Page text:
Filled with laugh-out-loud lines and reminiscent of the heartbreakingly hilarious dystopias of George Saunders, The Pickle Index is exactly what one would expect from Eli Horowitz, former publisher and managing editor at the home planet of weird and wonderful literature, McSweeney’s. And it's truly a three-ring circus: The book is also available in an illustrated slipcase edition and as an interactive iPhone app.
What are you reading today?
Is there anything more personal than selecting a favorite book? OK, the answer is obviously yes, but for a true book lover, maybe not by much. Releases from seasoned pros as well as exciting new voices made for a competitive, thrilling 2015—and a “best” list that we’re proud of. Look for the full list in our December issue; for now, here's a sneak peek at the back 25 . . .
31. Ghettoside by Jill Leovy
32. Big Magic by Elizabeth Gilbert
33. The Wright Brothers by David McCullough
34. Make Your Home Among Strangers by Jennine Capó Crucet
35. The Girl on the Train by Paula Hawkins
46. Emma and Otto and Russell and James by Etta Hooper
47. The Blondes by Emily Schultz
48. Two Years Eight Months and Twenty-Eight Nights by Salman Rushdie
49. Russian Tattoo by Elena Gorokhova
50. Girl Waits with Gun by Amy Stewart
RELATED CONTENT: Read all our "Best of 2015" coverage on the blog.
This weekend, a couple of members from the BookPage team made the short trip from Nashville to the Booksellers at Laurelwood in Memphis to attend Avon’s 6th KissCon event. The event featured romance rock stars Toni Blake, Cynthia Eden, Lorraine Heath, Sophie Jordan, Cathy Maxwell, Kay Thomas, Lori Wilde and Julia Quinn.
After a bit of wine, cupcakes and mingling with fellow fans and authors at the VIP reception, we gathered together for some good old-fashioned romance trivia. (Did you know that the original cover for Christina Dodd's Castles in the Sky featured a three-armed woman? Neither did we. But we did know that Cynthia Eden likes to go spelunking in her free time, which won us a bottle of Cabernet Sauvignon!) Then came round two: a quick-fire Q&A session hosted by publicist Jessie Edwards that covered everything from writing practices to personal interests to pop culture. Then the floor was ours for an open Q&A. Here are some of our favorite takeaways from the event:
Favorite part of the male physique?
Lori Wilde: Their smile.
Man buns—creepy or cool?
Sophie Jordan: So hot! I can’t look at my daughter’s soccer coach.
What’s your favorite euphemism?
Cathy Maxwell: Oh, I love euphemisms! I think of them all the time. Hot rod? Tunnel of love?
Hurricane’s coming. What hero would you hunker down with?
Julia Quinn: My husband, because he’s an infectious disease doctor. I know that’s cheesy, but at one point he had control of all of the Tamiflu in the city, so you know. The hero of The Martian? That’s my husband.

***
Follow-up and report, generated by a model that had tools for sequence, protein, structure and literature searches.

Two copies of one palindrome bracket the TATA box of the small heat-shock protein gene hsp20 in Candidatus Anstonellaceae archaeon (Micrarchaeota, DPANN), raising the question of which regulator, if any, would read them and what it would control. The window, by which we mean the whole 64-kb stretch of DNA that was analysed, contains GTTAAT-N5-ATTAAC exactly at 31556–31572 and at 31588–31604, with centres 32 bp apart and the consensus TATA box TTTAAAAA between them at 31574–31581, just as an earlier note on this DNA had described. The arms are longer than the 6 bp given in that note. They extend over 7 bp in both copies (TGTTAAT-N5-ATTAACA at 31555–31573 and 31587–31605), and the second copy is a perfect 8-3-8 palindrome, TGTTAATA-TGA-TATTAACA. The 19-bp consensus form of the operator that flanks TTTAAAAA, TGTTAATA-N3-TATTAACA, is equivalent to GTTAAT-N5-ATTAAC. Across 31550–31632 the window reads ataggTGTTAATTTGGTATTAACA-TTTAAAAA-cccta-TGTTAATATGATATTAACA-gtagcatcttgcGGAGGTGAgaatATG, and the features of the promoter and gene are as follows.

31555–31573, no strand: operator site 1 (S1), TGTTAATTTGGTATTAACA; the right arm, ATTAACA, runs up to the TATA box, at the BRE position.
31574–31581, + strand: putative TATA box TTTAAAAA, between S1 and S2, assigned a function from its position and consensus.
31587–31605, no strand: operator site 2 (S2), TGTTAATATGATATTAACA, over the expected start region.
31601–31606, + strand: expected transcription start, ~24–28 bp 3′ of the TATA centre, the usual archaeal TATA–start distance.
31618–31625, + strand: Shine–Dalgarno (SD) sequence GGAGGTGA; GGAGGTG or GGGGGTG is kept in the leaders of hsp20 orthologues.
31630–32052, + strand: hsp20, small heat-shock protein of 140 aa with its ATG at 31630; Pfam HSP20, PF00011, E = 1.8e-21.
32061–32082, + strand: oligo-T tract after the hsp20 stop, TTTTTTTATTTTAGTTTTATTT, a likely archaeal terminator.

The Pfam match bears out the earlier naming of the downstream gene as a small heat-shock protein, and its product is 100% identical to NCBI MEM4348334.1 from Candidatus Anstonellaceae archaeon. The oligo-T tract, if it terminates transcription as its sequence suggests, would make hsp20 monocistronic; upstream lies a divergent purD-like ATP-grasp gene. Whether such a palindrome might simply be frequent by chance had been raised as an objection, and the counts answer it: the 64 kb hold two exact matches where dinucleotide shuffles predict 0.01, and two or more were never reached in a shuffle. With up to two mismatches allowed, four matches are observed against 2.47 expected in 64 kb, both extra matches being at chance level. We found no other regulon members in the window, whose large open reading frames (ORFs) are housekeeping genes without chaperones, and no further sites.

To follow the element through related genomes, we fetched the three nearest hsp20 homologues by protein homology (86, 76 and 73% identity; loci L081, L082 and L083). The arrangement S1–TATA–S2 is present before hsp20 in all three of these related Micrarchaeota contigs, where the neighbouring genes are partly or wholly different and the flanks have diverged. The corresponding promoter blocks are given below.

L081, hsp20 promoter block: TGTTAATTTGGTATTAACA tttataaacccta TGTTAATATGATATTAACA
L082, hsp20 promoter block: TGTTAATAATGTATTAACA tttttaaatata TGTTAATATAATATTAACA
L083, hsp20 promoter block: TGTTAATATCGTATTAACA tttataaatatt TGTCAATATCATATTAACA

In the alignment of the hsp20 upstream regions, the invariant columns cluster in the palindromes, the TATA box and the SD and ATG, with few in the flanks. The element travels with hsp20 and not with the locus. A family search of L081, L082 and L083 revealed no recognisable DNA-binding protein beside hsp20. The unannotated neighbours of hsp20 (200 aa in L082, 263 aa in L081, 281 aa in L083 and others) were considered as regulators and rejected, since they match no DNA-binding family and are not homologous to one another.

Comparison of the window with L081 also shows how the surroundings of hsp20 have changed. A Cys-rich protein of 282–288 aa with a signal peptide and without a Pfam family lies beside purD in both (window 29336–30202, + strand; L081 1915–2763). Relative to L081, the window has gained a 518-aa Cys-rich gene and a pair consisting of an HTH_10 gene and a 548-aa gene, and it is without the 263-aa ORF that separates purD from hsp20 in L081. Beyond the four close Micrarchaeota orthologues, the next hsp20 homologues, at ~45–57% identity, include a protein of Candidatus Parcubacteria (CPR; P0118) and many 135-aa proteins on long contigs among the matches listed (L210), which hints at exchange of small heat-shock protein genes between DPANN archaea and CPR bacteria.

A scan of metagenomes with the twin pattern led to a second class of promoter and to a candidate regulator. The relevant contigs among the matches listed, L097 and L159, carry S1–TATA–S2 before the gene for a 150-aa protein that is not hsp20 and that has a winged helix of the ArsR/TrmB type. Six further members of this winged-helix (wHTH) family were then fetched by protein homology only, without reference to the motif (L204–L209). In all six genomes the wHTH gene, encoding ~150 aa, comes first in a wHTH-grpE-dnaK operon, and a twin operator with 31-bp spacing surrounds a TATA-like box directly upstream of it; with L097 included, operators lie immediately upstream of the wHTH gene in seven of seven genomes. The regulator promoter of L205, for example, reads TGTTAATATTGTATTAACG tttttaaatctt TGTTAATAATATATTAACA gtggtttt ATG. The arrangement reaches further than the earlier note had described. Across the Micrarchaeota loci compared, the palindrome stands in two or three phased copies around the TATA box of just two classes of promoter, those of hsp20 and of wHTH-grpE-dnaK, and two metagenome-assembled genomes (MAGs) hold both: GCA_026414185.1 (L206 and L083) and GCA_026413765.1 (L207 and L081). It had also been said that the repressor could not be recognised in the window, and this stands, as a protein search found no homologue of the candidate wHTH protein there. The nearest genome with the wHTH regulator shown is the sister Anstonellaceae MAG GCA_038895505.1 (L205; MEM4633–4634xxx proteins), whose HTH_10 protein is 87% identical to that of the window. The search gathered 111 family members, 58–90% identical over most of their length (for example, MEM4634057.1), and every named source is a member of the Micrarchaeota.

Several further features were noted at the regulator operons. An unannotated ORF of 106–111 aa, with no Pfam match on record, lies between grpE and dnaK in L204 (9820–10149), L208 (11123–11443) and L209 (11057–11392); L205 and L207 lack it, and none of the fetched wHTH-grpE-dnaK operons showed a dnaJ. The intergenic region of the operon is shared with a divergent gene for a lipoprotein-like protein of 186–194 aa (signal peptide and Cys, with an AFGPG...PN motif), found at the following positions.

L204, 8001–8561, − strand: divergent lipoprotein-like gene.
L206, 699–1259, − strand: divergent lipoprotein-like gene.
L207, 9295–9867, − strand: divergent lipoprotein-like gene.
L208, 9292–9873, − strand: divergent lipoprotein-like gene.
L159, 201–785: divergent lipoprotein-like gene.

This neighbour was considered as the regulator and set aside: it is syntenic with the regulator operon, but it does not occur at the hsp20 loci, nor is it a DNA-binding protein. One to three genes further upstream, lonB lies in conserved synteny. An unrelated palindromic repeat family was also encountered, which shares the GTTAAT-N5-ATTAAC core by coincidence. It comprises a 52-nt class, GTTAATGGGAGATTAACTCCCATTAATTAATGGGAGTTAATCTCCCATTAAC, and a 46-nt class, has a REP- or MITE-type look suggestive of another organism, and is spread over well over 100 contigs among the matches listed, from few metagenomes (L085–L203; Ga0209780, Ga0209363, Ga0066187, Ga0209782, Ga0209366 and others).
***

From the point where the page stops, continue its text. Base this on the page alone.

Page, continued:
Favorite cure for writer’s block?
Lorraine Heath: Massage.
Benedict Cumberbatch—creepy or cool?
Cynthia Eden: Cool and a little bit creepy. There’s nothing wrong with that!
Current favorite soap opera?
Sophie Jordan: Mad Men.
Marry Bang Kill: Nick Lachey, Justin Timberlake, Nick Jonas.
Julia Quinn: Everything good would be with J.T. And I’d just kill the other two.
Fun facts about the authors:
Avon's next KissCon is scheduled for March 13, 2016 in Phoenix, AZ. Keep an eye on their Facebook page for updates on attending authors and ticketing information.
Most Americans will be pulling up a chair to a heavily laden table this Thursday in celebration of Thanksgiving. If your own family drama isn't enough for you, check out one of these tension-laden reads set during the holiday season—they'll make the relationship between the pilgrims and the Native Americans seem downright functional.
May We Be Forgiven by A.M. Homes
George Silver, a widely loathed television executive, flies off the handle after a deadly car accident. Harry Silver, a Nixon scholar with less money and success than his brother, finds himself not only embroiled in the drama, but also entwined emotionally and sexually with George’s gorgeous wife, Jane—that is, until George comes home and bludgeons her to death with a table lamp.
And that’s when things really get crazy.
Strangers at the Feast by Jennifer Vanderbes
The richly drawn characters and vivid storytelling make Strangers at the Feast a must-read study of the lengths to which families will go in the face of unimaginable threats.
The Ghost at the Table by Suzanne Berne
A thoroughly engrossing story of a woman's search for family and self, vaguely reminiscent of an Anne Tyler tale, The Ghost at the Table plays out over the course of a holiday weekend.
The Lay of the Land by Richard Ford
Apart from the humor and pathos revealed in these sometimes bizarre and inexplicable incidents, what makes this such a compelling read is Ford's skillful channeling of the voice of the narrator he's shaped over the course of three books and 20 years.
Anyone have a favorite novel with a Thanksgiving setting?